The Most Wonderful Time of the Year

Yearly Archives: 2010

DAY 25: (Danny) Hospitality, snacks and song are the mainstays of everyday life in The Philippines.

Also, Christmas decorations and songs start at the beginning of September and continue through the 6th of January. Easter preparations start soon after, then Saints’ days and festivals to carry you into Spring. By Summer, you’ll need a new bathing suit because the food is too good to pass up. And, you’ll have a bigger and better voice because all the festivities involve everyone singing Karaoke.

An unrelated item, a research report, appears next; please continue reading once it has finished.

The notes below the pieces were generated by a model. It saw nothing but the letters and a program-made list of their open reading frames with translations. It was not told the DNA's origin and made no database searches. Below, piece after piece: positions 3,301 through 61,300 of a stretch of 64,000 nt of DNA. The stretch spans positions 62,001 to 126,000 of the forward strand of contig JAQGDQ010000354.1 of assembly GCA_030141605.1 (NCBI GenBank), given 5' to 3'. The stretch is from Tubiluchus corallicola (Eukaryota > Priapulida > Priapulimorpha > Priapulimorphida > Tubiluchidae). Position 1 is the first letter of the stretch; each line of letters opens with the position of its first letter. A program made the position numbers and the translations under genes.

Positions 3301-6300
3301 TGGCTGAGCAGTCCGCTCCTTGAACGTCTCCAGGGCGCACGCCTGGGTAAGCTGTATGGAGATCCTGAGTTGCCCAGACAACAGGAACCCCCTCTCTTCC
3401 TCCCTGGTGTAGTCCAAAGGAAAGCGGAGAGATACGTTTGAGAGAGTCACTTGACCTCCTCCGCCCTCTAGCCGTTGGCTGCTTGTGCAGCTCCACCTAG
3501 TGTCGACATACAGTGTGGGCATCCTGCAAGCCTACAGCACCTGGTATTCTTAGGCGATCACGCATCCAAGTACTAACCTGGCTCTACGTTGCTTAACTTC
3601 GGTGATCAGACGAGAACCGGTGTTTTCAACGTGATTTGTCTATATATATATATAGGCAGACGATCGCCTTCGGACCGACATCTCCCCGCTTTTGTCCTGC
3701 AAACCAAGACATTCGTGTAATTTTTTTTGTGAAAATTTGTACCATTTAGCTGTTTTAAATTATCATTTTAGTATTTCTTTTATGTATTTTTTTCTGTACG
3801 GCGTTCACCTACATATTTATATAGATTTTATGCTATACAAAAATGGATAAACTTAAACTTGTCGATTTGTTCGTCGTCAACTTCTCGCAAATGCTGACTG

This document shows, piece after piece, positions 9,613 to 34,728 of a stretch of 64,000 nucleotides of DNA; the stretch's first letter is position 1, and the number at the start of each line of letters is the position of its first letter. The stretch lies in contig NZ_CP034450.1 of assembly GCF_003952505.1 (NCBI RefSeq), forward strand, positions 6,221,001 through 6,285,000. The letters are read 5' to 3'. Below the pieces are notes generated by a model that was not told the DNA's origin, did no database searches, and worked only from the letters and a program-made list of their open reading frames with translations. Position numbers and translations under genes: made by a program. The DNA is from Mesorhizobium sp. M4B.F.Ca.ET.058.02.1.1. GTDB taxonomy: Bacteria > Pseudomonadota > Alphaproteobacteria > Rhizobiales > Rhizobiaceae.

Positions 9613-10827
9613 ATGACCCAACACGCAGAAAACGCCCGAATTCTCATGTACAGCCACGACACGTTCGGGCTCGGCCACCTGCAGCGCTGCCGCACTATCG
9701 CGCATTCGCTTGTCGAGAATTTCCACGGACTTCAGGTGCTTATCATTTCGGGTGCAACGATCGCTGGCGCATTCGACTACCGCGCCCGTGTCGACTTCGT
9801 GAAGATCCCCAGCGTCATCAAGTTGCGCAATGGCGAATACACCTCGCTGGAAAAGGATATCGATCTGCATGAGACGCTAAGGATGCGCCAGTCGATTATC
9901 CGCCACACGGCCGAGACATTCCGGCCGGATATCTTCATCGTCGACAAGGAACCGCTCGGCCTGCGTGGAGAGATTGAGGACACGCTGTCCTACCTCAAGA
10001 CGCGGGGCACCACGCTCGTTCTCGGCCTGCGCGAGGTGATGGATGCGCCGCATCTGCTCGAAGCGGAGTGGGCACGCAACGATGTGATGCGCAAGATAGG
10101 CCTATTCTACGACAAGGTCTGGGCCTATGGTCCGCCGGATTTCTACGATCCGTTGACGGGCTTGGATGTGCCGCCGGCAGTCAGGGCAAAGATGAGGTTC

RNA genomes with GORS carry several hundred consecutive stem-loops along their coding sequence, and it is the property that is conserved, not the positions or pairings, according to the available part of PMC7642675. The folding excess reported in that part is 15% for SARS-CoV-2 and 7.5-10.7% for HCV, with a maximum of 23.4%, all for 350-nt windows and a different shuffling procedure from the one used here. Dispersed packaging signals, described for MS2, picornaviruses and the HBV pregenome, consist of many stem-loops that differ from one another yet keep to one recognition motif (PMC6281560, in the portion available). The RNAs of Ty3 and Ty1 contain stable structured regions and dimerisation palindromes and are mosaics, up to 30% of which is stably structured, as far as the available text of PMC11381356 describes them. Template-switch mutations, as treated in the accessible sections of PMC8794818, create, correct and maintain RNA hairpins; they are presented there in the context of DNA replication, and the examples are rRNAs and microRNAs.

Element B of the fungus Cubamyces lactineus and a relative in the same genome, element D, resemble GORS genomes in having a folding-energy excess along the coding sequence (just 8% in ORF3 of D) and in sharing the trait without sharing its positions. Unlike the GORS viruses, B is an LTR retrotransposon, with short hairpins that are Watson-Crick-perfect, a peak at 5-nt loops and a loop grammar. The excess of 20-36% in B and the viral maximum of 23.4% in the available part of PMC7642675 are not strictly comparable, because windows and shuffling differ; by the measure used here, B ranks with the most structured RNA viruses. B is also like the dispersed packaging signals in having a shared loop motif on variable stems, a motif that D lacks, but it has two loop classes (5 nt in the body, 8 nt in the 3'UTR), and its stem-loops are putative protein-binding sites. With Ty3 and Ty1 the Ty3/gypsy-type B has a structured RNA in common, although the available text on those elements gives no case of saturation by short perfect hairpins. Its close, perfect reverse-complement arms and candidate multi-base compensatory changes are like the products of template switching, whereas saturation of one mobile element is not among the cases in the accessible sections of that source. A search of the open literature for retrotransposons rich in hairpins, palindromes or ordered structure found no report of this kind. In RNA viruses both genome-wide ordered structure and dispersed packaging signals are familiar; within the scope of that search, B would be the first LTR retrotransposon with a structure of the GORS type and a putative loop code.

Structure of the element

Filipinos are the second largest immigrant group in the United States after Mexicans and we’re lucky to have such a beautiful, cultural addition in our country. The family and extended family is ever present at holiday gatherings and because we were in Manila for Thanksgiving, the circle widened to include us.We played a Thanksgiving Day gala at the American Embassy for the Ambassador and his guests. The menu pared our music with great wine, and of course, a multiple-course Thanksgiving feast prepared by the Embassy’s chefs.It was amazing to play and tour the grounds of this historic building perched above Manila Bay. It was a piece of WWII history and the trial of the captured Japanese general was held in the ballroom in which we played.The embassy staff, Joe, Jomar and Jenny, took such great care of us.The Ambassador was from Queens, New York and was a New York Met fan so we got along immediately. We also were invited to the home of the Public Affairs Officer for Thanksgiving dinner. Our hosts, Rick and Pinky, graciously invited us over to their beautiful home where we dined with their extended family and friends including a top designer, an art historian, a model and the Southeast Asia NCAA champion basketball team. Everyone had a great time and the food was a mix of traditional Thanksgiving fare and local favorites.